Cookbooks reveal society and one of my mother’s locally made cookbooks reveals our culinary heritage. It’s made up of Mrs. T. E. Thorsteinson’s Apple Pie with crumb topping, Mrs. H. G. Hunter’s Pumpkin Pie (pumpkin was a new world food unknown in Europe), Mrs. S. Eyjolfsson,s Tomato mince meat, Marshmallow Delight by Mrs. E. Montague, Mrs. Vopni’s Green Pepper salad, and there is Strawberry Jam, Apricot Preserve, Cranberry Jelly. Mrs. A. Sigurdsson from Foam Lake, Sask makes Nine Day Cucumber Pickle while Mrs. F. Lindal makes Seven Day Sweet Mixed Pickles.  
There are 128 pages. Only two pages of Icelandic Dishes.  Flatbruað, Kæfa, Skyr, Mysuostur, Pönnukökur, Rúllupylsa, Fiskibollur, Lifrarpylsa, Sago Soup. Enough has changed that Mrs. B. Pell, of Leslie, Sask. felt it necessary to explain that Mysuostur is an Icelandic whey cheese.
The women nearly all have Icelandic names and those who don´t, I expect, are Icelandic but have married non-Icelanders. They’re cooking with items they could not have dreamed of having in Iceland. Lots and lots of wheat flour, canned pineapple, chicken, peppers, corn, spaghetti, apples, pears, oranges.
In our house, we ate no dried cod, no singed sheep heads, no rotted shark, no Icelandic moss, no ram’s testicles. We only ate barley in vegetable soup.
My food heritage was made of occasional Icelandic food, blood sausage, skyr, ponnokokur, vinarterta, kleinar but equally often, of perogis (although we often ate them with high bush cranberry jelly instead of sour cream), hollopchi, borscht, kubysa, poppyseed cake. It was made up of freshwater fish. Of wild game. It was made up of fruit pies (Saskatoon pie, Saskatoon pie, If I don’t get some I think I’m going to die), a wide variety of seasonal vegetables, of white bread, of green grapes and apples and oranges and, in season, plums and pears and peaches. My fondest food memories are of beef stew and dumplings, of lemon pie, of shepherd’s pie and my grandmother’s unmatchable baking powder biscuits with homemade strawberry jam.
We weren’t rich. My father was a commercial fisherman and, in the off season, a barber. But we weren’t poor, either. My Canadian food heritage has been a cornucopia from which spill out things like maple syrup, clover honey, crab apples, high bush cranberry, stuffed whitefish, morels, moss berry tarts. It includes short breads and making toffee on winter evenings, popcorn, hot chocolate after skating. Weiners roasted over an open fire, relish, mustard. Hamburgers with the works. Rolled sandwiches with Velveeta cheese and a pickle in the centre.
My food heritage, at just one level, was Canadian because the ingredients were mostly sourced in Canada. It was Canadian because it was the result of a multi-cultural mix even before the community itself had become multi-cultural, when all the contributors to my mother’s cookbook still had nearly all Icelandic names.
We tend not to think about our Icelandic Canadian food heritage but the smorgasbord of food we ate (Sam Toy’s Chinese food in the Gimli Cafe; the food we shared at Ukrainian weddings; the English, Irish and Scot’s foods we ate at the neighbours; the aboriginal foods (bannock, wild rice, blueberries) on our table are all part of that Icelandic North American heritage.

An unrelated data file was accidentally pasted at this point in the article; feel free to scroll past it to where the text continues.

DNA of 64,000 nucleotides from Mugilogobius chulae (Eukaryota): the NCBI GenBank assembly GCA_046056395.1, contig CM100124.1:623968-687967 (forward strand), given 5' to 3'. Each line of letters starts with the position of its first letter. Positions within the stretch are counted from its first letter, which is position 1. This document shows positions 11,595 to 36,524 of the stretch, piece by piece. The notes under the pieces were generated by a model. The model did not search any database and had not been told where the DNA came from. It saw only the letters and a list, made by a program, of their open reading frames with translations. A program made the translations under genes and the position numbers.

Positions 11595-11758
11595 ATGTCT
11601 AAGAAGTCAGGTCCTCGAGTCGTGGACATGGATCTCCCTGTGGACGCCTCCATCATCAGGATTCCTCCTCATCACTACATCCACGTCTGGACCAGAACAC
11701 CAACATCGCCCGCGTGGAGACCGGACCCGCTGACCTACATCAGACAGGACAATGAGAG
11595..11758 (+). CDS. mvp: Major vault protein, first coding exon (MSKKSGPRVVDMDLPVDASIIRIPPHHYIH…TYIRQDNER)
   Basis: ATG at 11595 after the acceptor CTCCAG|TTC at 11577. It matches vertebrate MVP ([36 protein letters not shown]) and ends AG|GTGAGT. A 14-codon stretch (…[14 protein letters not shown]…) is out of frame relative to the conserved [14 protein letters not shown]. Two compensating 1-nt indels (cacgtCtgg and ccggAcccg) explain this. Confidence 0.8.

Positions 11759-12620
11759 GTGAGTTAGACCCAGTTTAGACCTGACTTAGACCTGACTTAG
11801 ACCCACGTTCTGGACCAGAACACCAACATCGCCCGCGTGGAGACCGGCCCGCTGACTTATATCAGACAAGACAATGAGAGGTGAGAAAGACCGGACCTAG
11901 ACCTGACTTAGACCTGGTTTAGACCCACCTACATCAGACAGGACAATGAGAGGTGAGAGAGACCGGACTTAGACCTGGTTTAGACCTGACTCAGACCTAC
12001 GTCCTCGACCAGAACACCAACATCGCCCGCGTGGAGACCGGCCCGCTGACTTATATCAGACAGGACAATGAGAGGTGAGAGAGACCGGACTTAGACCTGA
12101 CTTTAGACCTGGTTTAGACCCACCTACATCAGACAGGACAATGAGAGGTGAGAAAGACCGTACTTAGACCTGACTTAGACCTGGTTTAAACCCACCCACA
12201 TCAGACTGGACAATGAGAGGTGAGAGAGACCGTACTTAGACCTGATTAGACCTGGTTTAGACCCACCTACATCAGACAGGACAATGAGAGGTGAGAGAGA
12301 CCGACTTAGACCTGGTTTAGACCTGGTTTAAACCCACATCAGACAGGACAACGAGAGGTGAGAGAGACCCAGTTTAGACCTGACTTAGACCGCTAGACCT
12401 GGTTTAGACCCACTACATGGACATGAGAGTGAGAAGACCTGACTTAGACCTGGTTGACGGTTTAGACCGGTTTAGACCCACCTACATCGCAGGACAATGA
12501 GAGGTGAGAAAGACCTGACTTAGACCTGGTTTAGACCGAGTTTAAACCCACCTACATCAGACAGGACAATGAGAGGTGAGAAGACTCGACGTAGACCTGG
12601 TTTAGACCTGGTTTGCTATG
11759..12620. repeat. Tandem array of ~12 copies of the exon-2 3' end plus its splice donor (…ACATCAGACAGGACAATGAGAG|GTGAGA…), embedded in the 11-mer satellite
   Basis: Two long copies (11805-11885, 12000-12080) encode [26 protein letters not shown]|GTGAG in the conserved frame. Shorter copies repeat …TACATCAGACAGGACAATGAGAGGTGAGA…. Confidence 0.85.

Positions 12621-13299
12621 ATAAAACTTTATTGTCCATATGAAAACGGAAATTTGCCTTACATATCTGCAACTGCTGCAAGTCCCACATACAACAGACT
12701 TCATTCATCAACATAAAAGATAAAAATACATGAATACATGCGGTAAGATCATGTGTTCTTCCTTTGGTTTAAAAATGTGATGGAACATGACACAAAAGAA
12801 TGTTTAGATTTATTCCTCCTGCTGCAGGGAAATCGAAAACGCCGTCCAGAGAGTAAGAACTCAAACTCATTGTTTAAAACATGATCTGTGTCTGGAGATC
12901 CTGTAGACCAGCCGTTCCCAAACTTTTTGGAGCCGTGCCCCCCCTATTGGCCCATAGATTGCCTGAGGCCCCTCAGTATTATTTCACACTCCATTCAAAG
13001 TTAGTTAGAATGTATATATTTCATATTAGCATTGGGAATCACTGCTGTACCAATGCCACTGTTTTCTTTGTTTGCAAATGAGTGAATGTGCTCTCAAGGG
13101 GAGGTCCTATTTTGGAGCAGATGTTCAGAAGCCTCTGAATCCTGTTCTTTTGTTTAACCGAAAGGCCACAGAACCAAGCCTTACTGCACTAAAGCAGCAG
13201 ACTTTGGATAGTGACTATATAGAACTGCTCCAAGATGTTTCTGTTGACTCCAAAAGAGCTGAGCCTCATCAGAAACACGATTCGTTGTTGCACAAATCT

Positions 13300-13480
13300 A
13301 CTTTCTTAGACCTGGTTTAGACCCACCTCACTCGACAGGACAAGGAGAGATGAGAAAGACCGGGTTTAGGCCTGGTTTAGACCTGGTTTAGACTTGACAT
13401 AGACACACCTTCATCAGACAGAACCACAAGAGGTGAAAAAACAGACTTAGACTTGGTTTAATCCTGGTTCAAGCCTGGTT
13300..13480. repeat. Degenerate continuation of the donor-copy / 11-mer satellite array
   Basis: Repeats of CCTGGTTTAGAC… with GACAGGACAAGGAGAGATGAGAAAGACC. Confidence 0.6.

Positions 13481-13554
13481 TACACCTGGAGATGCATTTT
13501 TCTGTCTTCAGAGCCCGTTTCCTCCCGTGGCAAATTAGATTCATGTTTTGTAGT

My Mother’s Cookbooks

There are six of them. One’s missing a cover. They’re all well-worn, tattered edges, split spines. Two of them are actual cook-books made by someone else. Gimli Gourment Recipes published by the Johnson Memorial Hospital Auxiliary is in pretty good shape. It’s still got its cover. The recipes are identified by women in the community who donated them. Pie Pastry by Joey Thordarson. Doughnuts by Mrs. A. Kasupski. There’s Lekuchen and Snickerdoodles. Jello Graham Wafer Cake and something called Broken Glass Dessert. It’s made with lemon, lime and cherry “jellow” (sic). There are a lot of hamburger recipes. But the Icelandic quality of Gimli is evident with Kyofa, an Icelandic Meat Loaf. There’s no date on the cookbook but you know there wasn’t much money around because there are a lot of jello recipes and casseroles. People still made their own pickles. There are recipes for Bread and Butter Pickles and Fourteen Day Pickles.

It is impossible to tell where the second published cookbook came from because its cover is long gone. The pages are well thumbed and a bit stained from the ingredients of many recipes. It, too, owes its contents to various housewives, although these come from farther afield. Raisin, Date, and Nut Pie has been contributed by Mrs. T. S. Arason from Cypress River, Man. Million Dollar Pickle is from Mrs. F. A. Finson of Port Arthur, Ont. There are a lot of pies and tarts. Vinegar tarts. Lemon cheese tarts. Coconut tarts. Puddings are important. Part way through the book there is a loose page of Household Hints. “When silver becomes dull” it says, “rub it with a piece of potato dipped in baking soda.” “When making mayonnaise and the white of the egg to the mixture after the vinegar is added. This will prevent curdling.” These were the precursors to Martha Stewart, TV and the Internet.

Here, there are pages of recipes for pickles, relishes and jams. With these recipes you can make Watermelon Rind Pickle or pickle cherries. With all this chopping, kneading boiling, baking there was still a few minutes for leisure because there is one page for making cocktails and cooling drinks.